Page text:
On the one hand they are saying they are going to have an absolute free-for-all, and on the other hand they are trying to get people to believe that they actually give a damn about passengers, about ridesharers, about drivers in the industry and about licence plate holders and their families. Nothing could be further from the truth.
This bill is the next stage of the very necessary reforms — reforms that are not of the industry’s making and not necessarily of the government’s making. The introduction of ridesharing has changed the landscape for taxis and that type of transport forever. We saw the first tranche of changes take effect on 9 October. I have a local taxidriver in my neighbourhood, which is in my electorate, that I use regularly, and he is a much-trusted bloke. We have had a lot of conversations about his work and about his livelihood. He has what is known as a Green Top taxi, so he has only been able to drive at night.
Mr Singh is an absolutely, thoroughly decent, honest human being and one of the best taxidrivers I have ever known. He knows all his customers by name. He is known all around the neighbourhood, and importantly parents really trust him with their kids. When you live in the outer suburbs, it is fine if you are going into the city and getting home on a Friday or Saturday night, because we have rail services that operate all night, but what do you do to get from the station or to get from within some of the properties that are out of Diamond Creek in the high Nillumbik hinterland and not a walkable distance to the station? Places like Whittlesea do not have a train station, and their last bus is at around 9.30 p.m., so you entrust your kids and your loved ones to a fabulous taxidriver like Mr Singh.
These changes, which took effect last month, and broader changes will mean that Mr Singh can actually drive during the day. He can work as long as he wants, evening and night, and will be able to support his many loyal followers. I have reassured him that I have never booked or paid for an Uber. I said that I was going to stick with supporting the existing industry until we had a proper set of changes. I think he is really happy with these changes.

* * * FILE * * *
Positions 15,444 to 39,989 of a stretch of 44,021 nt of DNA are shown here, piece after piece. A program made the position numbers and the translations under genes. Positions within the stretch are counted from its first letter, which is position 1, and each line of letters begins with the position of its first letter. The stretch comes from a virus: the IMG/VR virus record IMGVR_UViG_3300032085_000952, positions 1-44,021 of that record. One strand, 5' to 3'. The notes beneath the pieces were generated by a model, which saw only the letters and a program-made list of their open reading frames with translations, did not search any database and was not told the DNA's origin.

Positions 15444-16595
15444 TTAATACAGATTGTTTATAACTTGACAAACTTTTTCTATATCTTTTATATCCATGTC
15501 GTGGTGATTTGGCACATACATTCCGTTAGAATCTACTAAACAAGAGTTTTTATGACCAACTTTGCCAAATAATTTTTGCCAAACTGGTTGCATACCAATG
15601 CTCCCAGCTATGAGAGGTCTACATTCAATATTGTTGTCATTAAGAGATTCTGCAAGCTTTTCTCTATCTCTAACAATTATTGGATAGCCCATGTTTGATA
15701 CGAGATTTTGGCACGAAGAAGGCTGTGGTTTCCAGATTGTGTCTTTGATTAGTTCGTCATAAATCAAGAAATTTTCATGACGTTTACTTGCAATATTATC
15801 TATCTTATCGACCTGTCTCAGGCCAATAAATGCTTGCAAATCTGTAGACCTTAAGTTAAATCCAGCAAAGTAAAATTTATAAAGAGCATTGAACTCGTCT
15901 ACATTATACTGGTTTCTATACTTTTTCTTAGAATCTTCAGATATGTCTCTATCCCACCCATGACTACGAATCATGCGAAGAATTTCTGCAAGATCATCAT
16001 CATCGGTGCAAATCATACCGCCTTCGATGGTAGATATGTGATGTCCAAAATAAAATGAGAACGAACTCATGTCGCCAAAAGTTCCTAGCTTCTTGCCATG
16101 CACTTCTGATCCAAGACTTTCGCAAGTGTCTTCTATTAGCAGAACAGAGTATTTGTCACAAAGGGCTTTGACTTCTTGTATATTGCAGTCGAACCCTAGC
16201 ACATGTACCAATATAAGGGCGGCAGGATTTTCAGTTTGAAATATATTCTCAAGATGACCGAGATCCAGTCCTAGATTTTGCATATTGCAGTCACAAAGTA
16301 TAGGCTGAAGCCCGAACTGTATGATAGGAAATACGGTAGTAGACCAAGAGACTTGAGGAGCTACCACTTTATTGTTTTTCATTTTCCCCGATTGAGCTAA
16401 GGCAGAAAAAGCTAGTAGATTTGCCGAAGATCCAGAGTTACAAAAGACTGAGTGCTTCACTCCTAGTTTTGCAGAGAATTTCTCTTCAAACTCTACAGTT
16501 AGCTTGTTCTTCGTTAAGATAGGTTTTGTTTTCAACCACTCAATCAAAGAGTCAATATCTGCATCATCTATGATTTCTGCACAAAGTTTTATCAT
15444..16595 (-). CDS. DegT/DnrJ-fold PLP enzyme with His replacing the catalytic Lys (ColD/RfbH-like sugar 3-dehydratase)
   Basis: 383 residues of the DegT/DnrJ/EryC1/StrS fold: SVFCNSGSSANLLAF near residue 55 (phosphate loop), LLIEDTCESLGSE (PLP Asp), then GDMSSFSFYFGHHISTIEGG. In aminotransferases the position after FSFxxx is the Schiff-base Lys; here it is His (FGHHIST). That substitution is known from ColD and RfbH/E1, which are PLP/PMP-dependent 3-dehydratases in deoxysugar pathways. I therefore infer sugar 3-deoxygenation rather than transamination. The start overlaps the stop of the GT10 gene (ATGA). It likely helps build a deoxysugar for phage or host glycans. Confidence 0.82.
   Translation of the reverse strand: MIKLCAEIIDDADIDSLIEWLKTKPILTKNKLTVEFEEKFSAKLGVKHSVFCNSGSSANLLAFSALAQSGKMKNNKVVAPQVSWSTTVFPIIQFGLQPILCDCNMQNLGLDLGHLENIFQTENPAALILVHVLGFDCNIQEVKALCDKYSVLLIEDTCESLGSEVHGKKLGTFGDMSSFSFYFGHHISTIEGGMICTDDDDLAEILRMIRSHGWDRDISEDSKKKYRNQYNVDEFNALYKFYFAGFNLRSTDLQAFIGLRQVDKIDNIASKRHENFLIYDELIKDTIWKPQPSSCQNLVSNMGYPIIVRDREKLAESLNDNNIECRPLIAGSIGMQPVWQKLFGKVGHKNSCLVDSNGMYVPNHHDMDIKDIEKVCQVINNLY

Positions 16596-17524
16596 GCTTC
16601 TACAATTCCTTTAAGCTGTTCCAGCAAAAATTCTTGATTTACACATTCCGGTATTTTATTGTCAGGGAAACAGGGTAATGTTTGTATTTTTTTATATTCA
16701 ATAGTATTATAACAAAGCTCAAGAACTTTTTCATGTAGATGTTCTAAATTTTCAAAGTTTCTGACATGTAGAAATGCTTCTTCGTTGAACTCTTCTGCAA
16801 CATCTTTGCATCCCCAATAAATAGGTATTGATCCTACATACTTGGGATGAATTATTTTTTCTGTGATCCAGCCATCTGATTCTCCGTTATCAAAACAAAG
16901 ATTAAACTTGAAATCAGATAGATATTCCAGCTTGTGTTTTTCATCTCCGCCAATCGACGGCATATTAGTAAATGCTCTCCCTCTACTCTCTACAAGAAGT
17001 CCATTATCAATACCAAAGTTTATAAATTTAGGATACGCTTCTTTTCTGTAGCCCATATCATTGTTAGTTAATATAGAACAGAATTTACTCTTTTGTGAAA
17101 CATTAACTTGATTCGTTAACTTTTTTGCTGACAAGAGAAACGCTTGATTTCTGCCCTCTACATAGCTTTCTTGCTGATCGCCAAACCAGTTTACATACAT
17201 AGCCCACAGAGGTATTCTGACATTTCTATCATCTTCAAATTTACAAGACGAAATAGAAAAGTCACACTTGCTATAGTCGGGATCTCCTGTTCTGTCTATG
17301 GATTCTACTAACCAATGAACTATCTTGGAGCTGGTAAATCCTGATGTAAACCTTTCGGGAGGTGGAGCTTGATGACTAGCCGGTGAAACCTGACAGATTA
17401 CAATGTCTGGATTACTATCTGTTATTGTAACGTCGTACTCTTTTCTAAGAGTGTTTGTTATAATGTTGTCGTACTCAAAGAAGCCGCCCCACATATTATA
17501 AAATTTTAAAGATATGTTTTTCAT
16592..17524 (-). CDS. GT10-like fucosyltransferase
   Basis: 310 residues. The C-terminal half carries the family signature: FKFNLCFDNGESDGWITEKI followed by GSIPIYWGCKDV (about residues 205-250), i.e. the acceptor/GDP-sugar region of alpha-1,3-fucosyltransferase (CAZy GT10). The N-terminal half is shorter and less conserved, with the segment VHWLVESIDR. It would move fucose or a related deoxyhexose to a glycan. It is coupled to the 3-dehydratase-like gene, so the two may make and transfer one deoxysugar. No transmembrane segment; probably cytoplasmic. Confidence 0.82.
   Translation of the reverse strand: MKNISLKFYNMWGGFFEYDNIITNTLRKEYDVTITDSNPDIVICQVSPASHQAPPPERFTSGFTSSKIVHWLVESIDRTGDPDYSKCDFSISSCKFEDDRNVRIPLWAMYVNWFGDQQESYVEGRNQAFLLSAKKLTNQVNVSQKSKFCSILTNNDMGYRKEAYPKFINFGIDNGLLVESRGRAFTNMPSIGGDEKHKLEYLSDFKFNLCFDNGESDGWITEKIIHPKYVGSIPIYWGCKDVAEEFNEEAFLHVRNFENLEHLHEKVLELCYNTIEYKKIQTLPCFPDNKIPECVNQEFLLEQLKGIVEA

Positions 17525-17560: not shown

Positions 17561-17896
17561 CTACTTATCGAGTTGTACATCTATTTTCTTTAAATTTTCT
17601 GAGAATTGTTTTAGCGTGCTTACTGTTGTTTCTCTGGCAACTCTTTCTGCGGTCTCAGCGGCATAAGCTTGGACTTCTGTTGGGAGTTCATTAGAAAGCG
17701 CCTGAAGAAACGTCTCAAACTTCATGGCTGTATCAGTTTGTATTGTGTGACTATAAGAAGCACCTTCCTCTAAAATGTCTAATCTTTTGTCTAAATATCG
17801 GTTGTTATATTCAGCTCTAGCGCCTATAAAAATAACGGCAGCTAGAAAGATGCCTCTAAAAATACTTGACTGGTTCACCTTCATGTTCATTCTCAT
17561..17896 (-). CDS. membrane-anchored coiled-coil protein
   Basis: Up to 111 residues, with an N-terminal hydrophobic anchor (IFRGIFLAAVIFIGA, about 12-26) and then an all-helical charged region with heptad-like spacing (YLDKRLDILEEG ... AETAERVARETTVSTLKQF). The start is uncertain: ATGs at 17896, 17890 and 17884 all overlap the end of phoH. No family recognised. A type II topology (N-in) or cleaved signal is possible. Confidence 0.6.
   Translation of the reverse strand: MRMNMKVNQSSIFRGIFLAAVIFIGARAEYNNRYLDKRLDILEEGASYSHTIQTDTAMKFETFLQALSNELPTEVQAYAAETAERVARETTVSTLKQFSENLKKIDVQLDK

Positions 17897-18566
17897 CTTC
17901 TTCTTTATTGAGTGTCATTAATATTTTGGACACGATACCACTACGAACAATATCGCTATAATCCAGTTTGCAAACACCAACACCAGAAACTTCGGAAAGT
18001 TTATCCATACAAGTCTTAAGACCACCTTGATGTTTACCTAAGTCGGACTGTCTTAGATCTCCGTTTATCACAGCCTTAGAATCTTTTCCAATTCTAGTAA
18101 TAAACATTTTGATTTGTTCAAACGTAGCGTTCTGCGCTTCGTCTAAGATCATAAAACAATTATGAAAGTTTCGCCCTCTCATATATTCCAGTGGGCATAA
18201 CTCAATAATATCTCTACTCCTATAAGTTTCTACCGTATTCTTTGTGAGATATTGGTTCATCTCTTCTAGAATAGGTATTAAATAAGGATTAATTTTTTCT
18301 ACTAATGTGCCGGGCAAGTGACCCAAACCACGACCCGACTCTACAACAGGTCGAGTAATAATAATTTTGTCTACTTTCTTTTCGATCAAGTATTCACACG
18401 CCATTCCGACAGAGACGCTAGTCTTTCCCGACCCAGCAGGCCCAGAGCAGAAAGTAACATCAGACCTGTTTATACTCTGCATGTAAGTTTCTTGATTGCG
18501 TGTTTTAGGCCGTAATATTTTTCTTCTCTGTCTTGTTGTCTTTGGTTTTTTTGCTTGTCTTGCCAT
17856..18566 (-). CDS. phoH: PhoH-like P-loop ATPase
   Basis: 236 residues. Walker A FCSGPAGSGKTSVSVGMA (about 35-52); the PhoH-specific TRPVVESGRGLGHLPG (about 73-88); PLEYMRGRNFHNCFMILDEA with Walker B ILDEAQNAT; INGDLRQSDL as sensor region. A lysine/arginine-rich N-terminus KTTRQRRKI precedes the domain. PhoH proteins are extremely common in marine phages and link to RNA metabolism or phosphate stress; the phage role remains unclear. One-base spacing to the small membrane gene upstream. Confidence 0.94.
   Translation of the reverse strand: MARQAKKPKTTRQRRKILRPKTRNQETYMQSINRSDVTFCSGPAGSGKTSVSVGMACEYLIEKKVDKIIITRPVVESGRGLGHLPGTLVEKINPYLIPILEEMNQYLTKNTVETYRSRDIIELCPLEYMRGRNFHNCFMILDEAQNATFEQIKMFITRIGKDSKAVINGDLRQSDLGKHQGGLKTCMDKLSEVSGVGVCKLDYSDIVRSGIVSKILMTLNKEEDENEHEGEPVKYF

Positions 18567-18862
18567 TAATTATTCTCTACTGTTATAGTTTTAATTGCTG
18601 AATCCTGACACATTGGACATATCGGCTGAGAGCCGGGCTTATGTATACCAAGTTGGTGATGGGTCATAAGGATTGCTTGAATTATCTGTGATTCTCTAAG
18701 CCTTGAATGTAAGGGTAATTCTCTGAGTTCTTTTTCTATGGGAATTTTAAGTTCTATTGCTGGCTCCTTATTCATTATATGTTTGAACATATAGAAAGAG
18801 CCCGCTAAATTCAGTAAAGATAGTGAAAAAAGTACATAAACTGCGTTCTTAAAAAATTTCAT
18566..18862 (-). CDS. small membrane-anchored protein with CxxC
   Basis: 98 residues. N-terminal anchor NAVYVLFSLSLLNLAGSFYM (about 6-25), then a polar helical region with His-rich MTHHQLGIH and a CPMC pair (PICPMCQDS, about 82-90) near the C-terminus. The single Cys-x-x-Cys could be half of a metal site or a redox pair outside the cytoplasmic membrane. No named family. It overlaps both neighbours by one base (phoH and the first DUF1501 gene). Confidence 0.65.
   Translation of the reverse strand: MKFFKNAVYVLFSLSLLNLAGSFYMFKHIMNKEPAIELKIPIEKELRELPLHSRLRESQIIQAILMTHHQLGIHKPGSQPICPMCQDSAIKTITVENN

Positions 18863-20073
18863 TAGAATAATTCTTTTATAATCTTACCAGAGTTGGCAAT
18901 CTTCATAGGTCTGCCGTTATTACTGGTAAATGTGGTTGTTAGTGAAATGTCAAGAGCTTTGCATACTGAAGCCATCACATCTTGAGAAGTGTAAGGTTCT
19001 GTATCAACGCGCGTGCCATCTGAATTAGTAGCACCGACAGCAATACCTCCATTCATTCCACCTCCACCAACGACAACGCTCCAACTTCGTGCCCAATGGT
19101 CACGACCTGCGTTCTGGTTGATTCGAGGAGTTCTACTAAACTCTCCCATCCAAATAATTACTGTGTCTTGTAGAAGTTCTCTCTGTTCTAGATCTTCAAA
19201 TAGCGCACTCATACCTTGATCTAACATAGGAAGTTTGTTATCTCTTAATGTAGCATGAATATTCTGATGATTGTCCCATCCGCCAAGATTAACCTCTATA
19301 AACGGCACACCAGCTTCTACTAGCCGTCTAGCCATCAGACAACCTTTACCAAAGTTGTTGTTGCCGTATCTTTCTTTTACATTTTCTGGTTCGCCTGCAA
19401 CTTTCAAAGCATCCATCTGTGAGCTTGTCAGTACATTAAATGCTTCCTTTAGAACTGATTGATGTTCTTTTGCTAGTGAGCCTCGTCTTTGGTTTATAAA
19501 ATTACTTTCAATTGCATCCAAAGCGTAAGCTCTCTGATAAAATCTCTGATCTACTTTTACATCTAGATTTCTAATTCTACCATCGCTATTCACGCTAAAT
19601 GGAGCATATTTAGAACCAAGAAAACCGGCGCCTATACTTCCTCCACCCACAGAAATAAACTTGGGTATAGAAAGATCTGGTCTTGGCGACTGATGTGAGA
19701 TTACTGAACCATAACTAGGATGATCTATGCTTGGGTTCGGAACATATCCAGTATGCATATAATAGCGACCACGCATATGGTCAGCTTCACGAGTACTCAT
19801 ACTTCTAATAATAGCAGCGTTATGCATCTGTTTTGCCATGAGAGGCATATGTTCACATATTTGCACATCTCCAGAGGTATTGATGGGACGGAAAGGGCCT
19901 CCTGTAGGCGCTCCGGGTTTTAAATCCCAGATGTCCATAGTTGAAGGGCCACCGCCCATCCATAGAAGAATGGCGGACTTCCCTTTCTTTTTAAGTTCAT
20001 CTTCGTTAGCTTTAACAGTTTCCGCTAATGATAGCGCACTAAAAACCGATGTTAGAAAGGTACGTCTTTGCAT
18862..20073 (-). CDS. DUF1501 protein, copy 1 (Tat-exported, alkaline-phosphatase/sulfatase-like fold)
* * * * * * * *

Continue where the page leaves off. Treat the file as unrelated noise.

The removal of licensing costs of up to $23 000 per year and increased competition will reduce fares for all Victorians. We will have this new flexible fare system for commercial passenger vehicle service networks to set their own prices. Consumer protections will be strengthened by requiring all service providers to provide passengers with a fixed fare or estimate before the trip begins. When there has been an increase in demand we have seen huge price gouging by that well-known rideshare operator Uber. I have also known some Uber drivers who have had some really dangerous things happen to them when they have had accidents or been attacked. We have got to have support for all drivers, whether they have existing cab licences or are engaged in ridesharing.
In short, we do care about this industry and about having it grow and be flexible to reflect the needs of all sorts of communities in all different settings. Rural and regional outer suburban areas that are often transport-poor will really benefit from this, and I know that drivers like Mr Singh in Diamond Creek will be an active and forward part of this. I hope that the community has seen through the lies of those opposite, who never had the courage to actually provide any compensation or support for this industry during its transition and flip-flopped all over the place. I would rather be on the side of the house with a government who can be trusted with this industry. I commend the bill to the house.